Your dog will pay the most attention if you use words they understand, but chatting with your pet isn’t only about them. Talking is a way for people to put their problems out in the open. Your dog doesn’t need to respond or offer their advice to help you work your way through a difficult situation. Simply talking about it out loud to a nonjudgmental audience is helpful. It helps you look at a situation objectively, and talking it through allows you to reflect on the facts and work your way toward a solution.
Talking to dogs is a technique many therapists and psychologists use when helping people cope with difficult situations and manage conflict resolution. Children often feel more comfortable directing their stories toward a dog than they do an adult, and people who have survived traumatic experiences find comfort in a dog’s listening skills. Dogs are the best kind of soundboard, and talking to your pet about your daily problems is a good way to vent and maintain mental health.
4. Dogs Learn Through Repetition
You and your dog don’t speak the same native language, but dogs are expert linguists. They’ve learned to adapt to life with humans, and a big part of that is learning our language. They don’t understand things like sentence structure and grammar, but they can easily catch on to vocabulary.
A Border Collie named Chaser has proven she understands over one thousand words, and she can even respond appropriately to simple sentences. Chaser is a known brainiac, but even the average dog has the mental capacity to learn a long list of human words.
Some of the words your dog understands were explicitly taught to them, like “sit” and “stay.” There are also words they learned all on their own, like “ball,” “treat,” and “bath.” No matter which category the word falls under, the key to a dog’s understanding is repetition. They only learned “sit” because you said it over and over again during training. And they learned “treat” because it’s what you say before you hand over a delicious morsel.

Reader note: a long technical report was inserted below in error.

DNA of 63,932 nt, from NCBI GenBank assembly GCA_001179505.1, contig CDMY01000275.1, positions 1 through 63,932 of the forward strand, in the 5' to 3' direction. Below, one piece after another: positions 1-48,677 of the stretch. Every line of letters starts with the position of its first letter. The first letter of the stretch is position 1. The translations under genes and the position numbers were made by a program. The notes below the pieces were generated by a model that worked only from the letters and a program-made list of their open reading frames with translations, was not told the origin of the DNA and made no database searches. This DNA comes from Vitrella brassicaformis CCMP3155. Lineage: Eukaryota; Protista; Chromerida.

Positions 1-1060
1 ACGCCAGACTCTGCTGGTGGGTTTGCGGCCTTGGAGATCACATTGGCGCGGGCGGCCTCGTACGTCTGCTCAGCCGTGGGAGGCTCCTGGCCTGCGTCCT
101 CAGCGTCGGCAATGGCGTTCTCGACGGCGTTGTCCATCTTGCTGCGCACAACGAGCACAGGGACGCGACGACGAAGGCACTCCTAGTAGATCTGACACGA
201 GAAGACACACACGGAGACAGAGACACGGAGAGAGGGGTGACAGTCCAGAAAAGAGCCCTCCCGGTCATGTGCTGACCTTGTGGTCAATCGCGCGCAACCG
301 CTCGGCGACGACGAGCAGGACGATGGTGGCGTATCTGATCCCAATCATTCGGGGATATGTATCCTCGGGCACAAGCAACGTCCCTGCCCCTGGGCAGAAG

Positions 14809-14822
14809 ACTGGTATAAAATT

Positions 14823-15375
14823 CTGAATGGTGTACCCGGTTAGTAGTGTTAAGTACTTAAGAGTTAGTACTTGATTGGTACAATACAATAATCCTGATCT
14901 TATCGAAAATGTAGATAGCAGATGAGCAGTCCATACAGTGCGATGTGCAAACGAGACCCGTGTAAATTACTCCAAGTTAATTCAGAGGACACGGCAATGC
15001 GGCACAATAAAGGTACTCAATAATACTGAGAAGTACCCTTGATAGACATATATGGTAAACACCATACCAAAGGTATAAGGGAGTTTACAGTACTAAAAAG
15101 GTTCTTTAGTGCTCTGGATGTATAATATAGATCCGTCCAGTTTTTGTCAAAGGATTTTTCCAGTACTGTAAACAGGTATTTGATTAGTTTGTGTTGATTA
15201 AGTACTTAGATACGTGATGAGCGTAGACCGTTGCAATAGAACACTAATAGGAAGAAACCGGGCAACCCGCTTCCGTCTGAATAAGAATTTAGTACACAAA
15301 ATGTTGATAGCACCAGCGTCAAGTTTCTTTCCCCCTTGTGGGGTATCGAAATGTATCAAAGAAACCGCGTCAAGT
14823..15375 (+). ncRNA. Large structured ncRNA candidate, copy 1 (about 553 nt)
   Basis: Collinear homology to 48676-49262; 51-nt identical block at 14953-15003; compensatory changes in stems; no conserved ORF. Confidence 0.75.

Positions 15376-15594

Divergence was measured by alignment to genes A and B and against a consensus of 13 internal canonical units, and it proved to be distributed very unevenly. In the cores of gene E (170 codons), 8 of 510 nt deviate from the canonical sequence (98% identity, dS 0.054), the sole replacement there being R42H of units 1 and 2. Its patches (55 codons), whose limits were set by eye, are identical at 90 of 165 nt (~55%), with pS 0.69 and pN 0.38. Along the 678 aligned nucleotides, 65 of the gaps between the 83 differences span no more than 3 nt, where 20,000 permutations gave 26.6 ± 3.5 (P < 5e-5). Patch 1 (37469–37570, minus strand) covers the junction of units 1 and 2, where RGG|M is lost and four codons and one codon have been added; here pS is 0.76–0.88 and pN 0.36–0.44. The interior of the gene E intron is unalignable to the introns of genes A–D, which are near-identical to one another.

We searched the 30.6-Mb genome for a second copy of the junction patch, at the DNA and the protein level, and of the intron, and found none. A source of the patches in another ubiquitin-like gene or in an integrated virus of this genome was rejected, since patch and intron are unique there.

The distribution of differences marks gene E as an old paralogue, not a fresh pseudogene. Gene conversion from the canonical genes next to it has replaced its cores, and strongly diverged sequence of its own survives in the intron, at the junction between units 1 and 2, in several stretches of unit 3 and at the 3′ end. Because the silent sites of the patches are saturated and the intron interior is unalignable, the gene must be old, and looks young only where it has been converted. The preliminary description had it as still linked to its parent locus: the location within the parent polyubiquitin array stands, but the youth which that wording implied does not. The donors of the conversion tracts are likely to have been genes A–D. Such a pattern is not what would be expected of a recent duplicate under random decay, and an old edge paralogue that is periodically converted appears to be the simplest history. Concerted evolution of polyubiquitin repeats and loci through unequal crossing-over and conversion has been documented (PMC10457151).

Listening to you is the best way your dog knows how to learn, and every time you open your mouth, there’s opportunity for them to learn more. They’ll start picking up on words you say frequently, and that better understanding of your language will lead to improved communication between dog and person.
5. It’s Not All About Spoken Language
Words are only a small part of communication. When you talk to a friend, you string words into sentences, but you also use tone and body language to get your point across. Your face contorts into specific expressions that reflect your mood, you wave your hands for emphasis, and your tone of voice is more honest than the words you say.
Learning vocabulary is a lot of work for a dog, but they pick up on emotional cues a lot easier. They can tell what kind of mood you’re in by watching your face while you talk and listening to the slight changes of pitch in your voice. There’s a difference between human and canine body language, but they put all the pieces of the communication puzzle together to accurately figure out the basics of what you’re thinking. With time, they’ll learn to recognize the nuances between canine body language and human body language, and it’ll all lead to better understanding and communication.
The next time your neighbor catches you having an enthusiastic conversation with your dog, start spouting off these facts to kindly inform them of the benefits of talking to dogs. Whether you’re telling your pup about your dinner plans or going into detail about how wonderful they are, your conversation is an important part of your dog’s day. Making an effort to talk to them on a regular basis shows everyone, even that nosy neighbor, that you and your dog are the best of friends.